It must not deal only with Indigenous people; it must deal with all.

I don’t believe an oath of allegiance to the Queen has any place in local politics. In fact, I don’t believe it has any place at any level of government in this country.

Canada is a member of the Commonwealth but as a sovereign nation. As such, its allegiance should be to the other members of that body, not to a titular head of state.

 

I HAVE AN UPDATE on my column of last week in which I said I thought police, Crown and a Justice of the Peace overreacted in regard to a client of local lawyer Don Orazietti’s law firm who had been charged with breach of recognizance.

He was arrested while sitting in a car in the Canadian Tire parking lot on Dec. 6. His surety, Michelle Boland, was apparently using a washroom inside the store at the time.

He had a bail hearing on Thursday and in her decision announced Friday, Justice of the peace Kathleen Bryant remanded him in custody. He will appear in a video remand court on Jan 3.

Orazietti said he and representatives of the federal and provincial governments agreed that

Bryant had a conflict of interest in hearing the case in that she signed the search warrant for the search of his client’s apartment in respect of the drug charges.

But he said she refused to recuse herself, saying she signs many warrants and does not recall anything about this one.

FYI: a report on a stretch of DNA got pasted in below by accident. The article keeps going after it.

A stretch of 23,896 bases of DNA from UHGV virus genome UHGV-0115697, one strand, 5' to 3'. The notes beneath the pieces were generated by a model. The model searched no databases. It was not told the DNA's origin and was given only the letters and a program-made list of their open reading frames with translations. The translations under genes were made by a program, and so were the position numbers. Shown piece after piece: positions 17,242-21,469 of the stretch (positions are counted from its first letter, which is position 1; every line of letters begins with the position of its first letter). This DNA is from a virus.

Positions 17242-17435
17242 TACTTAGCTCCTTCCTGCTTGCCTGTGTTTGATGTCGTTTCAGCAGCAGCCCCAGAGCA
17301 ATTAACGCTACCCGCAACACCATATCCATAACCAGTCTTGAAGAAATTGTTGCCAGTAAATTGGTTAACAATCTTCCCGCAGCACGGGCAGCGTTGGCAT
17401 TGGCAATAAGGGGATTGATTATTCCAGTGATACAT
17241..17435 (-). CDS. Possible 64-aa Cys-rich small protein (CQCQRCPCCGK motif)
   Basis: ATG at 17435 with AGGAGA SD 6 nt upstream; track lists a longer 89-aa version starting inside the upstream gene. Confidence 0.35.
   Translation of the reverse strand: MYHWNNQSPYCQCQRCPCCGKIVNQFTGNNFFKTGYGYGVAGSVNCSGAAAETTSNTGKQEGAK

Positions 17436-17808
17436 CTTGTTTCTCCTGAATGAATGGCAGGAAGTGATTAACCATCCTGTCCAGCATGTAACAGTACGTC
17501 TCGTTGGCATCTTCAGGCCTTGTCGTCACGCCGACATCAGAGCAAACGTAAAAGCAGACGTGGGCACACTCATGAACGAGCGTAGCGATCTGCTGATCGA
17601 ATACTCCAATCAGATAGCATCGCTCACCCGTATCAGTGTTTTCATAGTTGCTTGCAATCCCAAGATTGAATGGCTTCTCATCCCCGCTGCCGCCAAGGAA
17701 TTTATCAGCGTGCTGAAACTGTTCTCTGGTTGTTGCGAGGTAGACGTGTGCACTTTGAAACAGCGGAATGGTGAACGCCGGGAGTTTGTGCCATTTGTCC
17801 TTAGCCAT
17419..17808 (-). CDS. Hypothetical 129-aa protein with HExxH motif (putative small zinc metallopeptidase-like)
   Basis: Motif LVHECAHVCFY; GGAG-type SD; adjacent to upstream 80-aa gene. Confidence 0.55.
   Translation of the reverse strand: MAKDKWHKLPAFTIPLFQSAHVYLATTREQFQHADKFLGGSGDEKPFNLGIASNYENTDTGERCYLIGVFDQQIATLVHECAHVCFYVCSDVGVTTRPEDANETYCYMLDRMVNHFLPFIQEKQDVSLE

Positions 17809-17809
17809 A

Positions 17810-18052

Orazietti said his client will therefore spend the holidays in jail but the real tragedy is that no one cares.

He said his client has absolutely no record for violence and is a unfortunately a very high functioning individual who, despite his age, 47, has aspirations of completing his medical degree. “There is no issue that he has become derailed because of substance abuse, but he has taken steps to rehabilitate himself in treatment facilities such as Elliot Lake,” he said. “He certainly has those issues and on the recent charges from early November it is the Crown’s position that he was in possession of drugs in sufficient quantity to infer trafficking.

“He has no criminal convictions, but he was granted three conditional discharges, i.e. a finding of guilt but no registration of a conviction,  two for drug-related offences and one for a criminal code offence for violating bail. Discharges are granted usually in minor infractions of the law.

“All that said, the narrow legal issue here is that once he was granted bail by a lawyer Justice of the Peace on Nov. 2 after a full bail hearing, which was not appealed by the Crown, does the violation of bail by sitting in the car without his surety mean he forfeits bai?